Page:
• With a focus on vulnerable populations, prosecutors should institute a review-and-release protocol in which bail was sought and imposed over the past 30 days.
  • Prosecutors also should temporarily vacate fines and fees so that people are not required to come into court or wait in processing centers to remove those financial burdens.
  • Sheriffs must ensure facilities are as empty, safe and clean as possible. This means sanitizing facilities and ensuring there are adequate supplies of soap, hand sanitizer, tissues and other hygiene products. These products must be free and made available to all staff and incarcerated individuals.
  • Sheriffs should assess incarcerated populations and maximize the number of people who may be immediately released.
  • Sheriffs should suspend any practices of holding people in facilities for civil immigration purposes.
  • The Division of Corrections and Rehabilitation must implement procedures to care for those who become ill, and then make those plans public. Those procedures must include: screening and testing for COVID-19; removal of copays; access to necessary medication and equipment necessary to treat the virus; and the ability to transfer patients to hospitals when necessary. Any procedures for housing people who are exposed to the virus, who are at high risk of serious illness, or who screen or test positive for COVID-19 should not result in prolonged, widespread lockdowns.
  • Probation and parole agents should cease in-person check-ins and should allow check-ins to occur by voice or video call. The number of people being incarcerated should be further limited by suspending detainers and incarceration for technical rule violations.
  • Parole boards should expedite and expand release opportunities for incarcerated people. Boards should institute a presumption for release for people who have a hearing scheduled in the next two years. For people whose parole hearings fall outside that time, boards should seize opportunities to expedite that process to ensure that any vulnerable person eligible for parole has the opportunity to be screened for release immediately.

Gov. Jim Justice has the opportunity to play a powerful role in limiting the harm COVID-19 inflicts on incarcerated communities. He must consider issuing executive orders to achieve the goals and remedies outlined above. He should grant immediate commutations to anyone whose sentence would end in the next year, to anyone currently being held on a technical supervision violation and to anyone identified by the federal Centers for Disease Control and Prevention as particularly vulnerable whose sentence would end in the next two years.

The American Civil Liberties Union of West Virginia is eager to work with anyone willing to take these steps, and we are willing to be a resource for you throughout this process. We want to ensure implementation of policies that limit the threats presented by this public health crisis.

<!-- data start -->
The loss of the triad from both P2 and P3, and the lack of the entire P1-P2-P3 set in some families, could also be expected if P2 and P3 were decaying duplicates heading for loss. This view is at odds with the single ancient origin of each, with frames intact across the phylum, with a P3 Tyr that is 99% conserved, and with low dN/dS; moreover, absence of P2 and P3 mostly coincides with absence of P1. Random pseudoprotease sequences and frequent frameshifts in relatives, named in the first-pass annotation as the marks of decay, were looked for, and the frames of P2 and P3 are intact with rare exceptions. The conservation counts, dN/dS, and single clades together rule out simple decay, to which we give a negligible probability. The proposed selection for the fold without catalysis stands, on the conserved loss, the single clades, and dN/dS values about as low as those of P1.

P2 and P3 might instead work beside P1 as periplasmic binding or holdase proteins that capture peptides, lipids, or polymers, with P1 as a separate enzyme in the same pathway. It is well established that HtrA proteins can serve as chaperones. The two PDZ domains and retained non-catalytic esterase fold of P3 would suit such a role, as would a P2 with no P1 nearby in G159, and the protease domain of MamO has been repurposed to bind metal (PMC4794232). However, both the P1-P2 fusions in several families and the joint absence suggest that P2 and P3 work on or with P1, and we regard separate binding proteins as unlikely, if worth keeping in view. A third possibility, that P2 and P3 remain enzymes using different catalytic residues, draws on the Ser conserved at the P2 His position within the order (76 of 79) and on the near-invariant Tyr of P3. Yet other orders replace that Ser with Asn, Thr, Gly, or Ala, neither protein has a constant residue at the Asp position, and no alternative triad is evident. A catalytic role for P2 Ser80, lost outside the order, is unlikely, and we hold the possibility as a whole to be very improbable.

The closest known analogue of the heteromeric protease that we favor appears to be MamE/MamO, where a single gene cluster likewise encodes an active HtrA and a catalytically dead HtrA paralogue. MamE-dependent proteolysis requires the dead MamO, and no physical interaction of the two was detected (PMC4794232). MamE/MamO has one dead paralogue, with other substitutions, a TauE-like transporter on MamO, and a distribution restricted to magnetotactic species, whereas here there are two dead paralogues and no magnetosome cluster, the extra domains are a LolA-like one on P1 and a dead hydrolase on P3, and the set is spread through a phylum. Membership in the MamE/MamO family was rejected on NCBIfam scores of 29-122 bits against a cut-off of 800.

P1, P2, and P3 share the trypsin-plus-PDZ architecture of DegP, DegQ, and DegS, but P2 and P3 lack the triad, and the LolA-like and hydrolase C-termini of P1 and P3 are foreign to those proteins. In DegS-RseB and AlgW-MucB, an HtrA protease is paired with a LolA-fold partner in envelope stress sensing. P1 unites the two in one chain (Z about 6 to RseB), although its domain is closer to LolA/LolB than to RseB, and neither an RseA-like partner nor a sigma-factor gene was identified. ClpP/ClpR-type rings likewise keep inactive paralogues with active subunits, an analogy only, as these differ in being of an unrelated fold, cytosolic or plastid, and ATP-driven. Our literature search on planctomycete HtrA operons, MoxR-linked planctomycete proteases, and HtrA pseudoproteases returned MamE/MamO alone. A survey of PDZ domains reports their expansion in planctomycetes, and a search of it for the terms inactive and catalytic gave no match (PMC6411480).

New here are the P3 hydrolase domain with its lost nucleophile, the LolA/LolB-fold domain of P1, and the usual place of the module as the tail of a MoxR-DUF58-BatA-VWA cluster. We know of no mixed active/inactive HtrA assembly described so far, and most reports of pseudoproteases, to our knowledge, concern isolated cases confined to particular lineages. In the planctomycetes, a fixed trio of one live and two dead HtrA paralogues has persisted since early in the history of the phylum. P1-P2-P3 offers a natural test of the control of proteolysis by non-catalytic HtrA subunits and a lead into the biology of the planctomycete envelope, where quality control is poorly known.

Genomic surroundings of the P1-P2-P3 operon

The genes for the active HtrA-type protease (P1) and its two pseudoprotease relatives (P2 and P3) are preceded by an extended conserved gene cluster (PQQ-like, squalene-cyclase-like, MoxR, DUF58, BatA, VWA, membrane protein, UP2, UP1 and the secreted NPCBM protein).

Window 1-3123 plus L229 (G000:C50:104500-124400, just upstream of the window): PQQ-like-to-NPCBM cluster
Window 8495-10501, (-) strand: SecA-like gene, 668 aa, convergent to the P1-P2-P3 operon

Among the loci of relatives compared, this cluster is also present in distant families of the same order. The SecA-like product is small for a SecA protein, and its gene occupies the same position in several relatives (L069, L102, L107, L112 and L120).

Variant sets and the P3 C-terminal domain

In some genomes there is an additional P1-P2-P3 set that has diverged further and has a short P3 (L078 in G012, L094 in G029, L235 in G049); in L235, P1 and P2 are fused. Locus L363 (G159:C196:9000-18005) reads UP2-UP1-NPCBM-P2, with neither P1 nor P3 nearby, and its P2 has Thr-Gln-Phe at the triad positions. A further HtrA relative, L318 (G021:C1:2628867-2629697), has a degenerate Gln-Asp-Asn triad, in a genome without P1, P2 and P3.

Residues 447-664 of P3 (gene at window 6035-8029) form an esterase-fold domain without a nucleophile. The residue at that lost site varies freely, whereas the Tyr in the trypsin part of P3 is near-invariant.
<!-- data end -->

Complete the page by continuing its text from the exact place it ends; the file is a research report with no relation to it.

The urgency of deliberate and thoughtful action cannot be overstated.

Gazette-Mail editorial: Helping the animals helps people

It’s truly amazing that the Kanawha-Charleston Humane Association was able to get foster parents for nearly 73 dogs and cats in a single day.

The “Foster a Friend” event that took place Tuesday accomplished just that, getting pets into foster homes so the shelter may cut back on staff and workers can stay home during the coronavirus outbreak.

It’s good for the shelter, but it’s also good for the animals. They can get more direct attention and affection in a single home rather than having to be kept in groups. Hopefully, some of the folks taking on the temporary responsibility of having an animal in their house will consider permanent adoption, which would be an even greater help to the shelter’s mission in the long run.

But the dogs, cats and shelter aren’t the only ones benefiting from this. No doubt, those who welcomed an animal into their house will benefit, too. After all, having an animal to care for and bond with is a plus in the midst of a pandemic that can only be contained for now through social isolation.

Even before the coronavirus, the federal Centers for Disease Control and Prevention reported studies showing pet ownership is beneficial for the health of people. According to the CDC, having a pet can come with physical benefits, such as decreased blood pressure and lower cholesterol levels, along with general increased physical activity. The CDC also reports psychological benefits, such as decreased loneliness.

Everyone has to look for hope in these uncertain times, and pets certainly offer something to be happy about and another area of focus for overwhelmed minds. Perhaps Tuesday’s event did a little bit for a lot of people — or maybe a lot for a few. But it was something positive in a number of categories, and there’s certainly nothing wrong with that at this point.

KENNY KEMP | Gazette-Mail/  

Dog Foster Kringle, a dog from the Kanawha/Charleston Humane Association, rides off after getting fostered out Tuesday morning by St. Albans resident James Kennedy.